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Oral history interview with Gina Sack

Oral History | Accession Number: 2007.416.4 | RG Number: RG-50.650.0003

Gina Sack, born on October 19, 1924 in Warsaw, Poland, discusses her childhood; her Zionist parents; her experiences studying at an elite art school as a teenager; travelling to Israel two or three years before the war; the bombing of Warsaw; her experiences in Warsaw, including feelings of guilt over wearing nice clothes to a café surrounded by dying children and starving people; leaving Warsaw in April 1943 via cattle car for Majdanek; her experiences in the Radom ghetto for the year she resided at the camp; her forced walk from Radom to Auschwitz; cessation of her menstrual periods while in the ghettos and camps; her comments about the fluidity of gender roles within ghettos, in contrast to rigid gender roles enforced in death camps; exploiting her sexual attractiveness to persuade male camp guards to give her better shelter; her memories of interactions with Kapos; witnessing prisoners changing line-up positions during roll calls to keep each other warm; taking her cousin’s coat after the cousin died in a hospital from complications from an abortion; her interactions with Elie Wiesel; giving her bread to her younger brother each night through an electric fence; the murder of her brother; her constant fear of being raped by German guards; making a facial paste with her mother and cousin to make herself look less attractive in an effort to discourage men from sexually violating her; liberation; and travelling to Israel after the war.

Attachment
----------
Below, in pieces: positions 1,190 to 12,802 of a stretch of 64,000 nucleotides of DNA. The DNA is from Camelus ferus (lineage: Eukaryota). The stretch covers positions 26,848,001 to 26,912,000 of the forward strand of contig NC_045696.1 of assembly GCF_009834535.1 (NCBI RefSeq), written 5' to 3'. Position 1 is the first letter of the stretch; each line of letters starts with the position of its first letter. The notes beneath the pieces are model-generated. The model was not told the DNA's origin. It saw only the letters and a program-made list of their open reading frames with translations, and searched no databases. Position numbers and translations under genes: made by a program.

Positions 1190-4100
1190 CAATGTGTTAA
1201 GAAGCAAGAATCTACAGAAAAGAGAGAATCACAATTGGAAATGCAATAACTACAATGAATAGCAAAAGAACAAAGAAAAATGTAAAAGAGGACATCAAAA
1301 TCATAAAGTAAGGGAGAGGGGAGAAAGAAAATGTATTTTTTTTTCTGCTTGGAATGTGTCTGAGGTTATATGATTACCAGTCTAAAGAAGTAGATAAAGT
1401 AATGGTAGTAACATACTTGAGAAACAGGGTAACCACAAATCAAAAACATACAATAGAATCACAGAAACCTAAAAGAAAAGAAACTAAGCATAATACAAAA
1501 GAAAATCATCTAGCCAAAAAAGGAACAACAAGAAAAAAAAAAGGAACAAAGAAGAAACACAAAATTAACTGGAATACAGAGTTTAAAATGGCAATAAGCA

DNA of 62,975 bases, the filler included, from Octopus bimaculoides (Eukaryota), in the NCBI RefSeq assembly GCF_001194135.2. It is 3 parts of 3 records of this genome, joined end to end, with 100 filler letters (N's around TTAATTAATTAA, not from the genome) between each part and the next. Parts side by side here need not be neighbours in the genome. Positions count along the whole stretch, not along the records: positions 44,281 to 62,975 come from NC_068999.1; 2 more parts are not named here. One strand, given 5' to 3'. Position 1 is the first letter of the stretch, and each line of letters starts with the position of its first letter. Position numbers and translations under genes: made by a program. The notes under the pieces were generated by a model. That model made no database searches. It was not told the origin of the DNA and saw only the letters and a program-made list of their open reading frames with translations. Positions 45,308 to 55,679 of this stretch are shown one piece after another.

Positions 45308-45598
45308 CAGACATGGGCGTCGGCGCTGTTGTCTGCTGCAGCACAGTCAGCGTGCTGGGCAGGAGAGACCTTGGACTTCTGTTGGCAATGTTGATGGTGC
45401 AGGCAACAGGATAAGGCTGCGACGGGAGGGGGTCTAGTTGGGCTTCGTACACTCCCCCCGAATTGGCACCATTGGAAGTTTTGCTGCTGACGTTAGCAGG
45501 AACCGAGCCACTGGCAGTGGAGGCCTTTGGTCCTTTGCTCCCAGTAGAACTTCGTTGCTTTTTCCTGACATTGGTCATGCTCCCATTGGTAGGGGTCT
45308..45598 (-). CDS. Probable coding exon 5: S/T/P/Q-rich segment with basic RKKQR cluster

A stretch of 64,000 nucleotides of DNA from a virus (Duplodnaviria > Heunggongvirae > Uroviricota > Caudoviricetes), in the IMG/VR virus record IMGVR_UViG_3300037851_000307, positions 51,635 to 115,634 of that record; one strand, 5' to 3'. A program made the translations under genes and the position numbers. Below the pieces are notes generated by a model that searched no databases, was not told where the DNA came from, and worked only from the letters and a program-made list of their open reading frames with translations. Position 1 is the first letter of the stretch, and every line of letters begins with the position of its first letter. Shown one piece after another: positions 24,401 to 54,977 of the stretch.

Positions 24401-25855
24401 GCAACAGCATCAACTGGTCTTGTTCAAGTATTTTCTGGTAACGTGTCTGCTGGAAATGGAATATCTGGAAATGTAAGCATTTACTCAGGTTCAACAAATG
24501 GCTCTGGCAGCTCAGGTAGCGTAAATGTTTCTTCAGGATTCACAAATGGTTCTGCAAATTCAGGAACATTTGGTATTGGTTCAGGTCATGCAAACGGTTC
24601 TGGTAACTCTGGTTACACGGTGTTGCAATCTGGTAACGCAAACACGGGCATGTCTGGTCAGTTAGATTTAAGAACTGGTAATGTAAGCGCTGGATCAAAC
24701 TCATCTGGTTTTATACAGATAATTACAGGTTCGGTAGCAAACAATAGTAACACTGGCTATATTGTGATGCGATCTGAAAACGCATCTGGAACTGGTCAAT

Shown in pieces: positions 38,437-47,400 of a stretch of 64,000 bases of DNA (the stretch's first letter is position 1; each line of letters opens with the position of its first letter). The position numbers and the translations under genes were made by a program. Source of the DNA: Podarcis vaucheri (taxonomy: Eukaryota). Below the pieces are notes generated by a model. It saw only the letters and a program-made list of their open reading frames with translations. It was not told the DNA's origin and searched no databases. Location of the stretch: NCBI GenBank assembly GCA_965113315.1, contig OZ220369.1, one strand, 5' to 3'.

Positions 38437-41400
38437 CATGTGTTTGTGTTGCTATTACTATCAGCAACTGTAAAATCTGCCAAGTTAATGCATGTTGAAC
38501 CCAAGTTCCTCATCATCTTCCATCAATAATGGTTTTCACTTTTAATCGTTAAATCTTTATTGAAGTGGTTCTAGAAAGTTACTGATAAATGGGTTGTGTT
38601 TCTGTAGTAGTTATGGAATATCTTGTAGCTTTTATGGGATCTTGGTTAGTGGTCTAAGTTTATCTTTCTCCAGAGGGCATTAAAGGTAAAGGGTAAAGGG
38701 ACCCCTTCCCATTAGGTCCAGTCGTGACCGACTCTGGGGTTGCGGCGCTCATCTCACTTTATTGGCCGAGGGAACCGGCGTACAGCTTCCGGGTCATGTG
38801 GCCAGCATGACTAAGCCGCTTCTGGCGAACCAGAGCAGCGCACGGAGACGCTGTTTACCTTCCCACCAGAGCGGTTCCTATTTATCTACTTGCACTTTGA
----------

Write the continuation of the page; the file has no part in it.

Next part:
Some video files begin with 10-60 seconds of color bars.
Gina Sack
Joan Ringelheim
interview:  1983 August 25-1983 November 20
Oral histories.
6 sound cassettes (60 min.).
Credit Line
United States Holocaust Memorial Museum Collection, Gift of Joan Ringelheim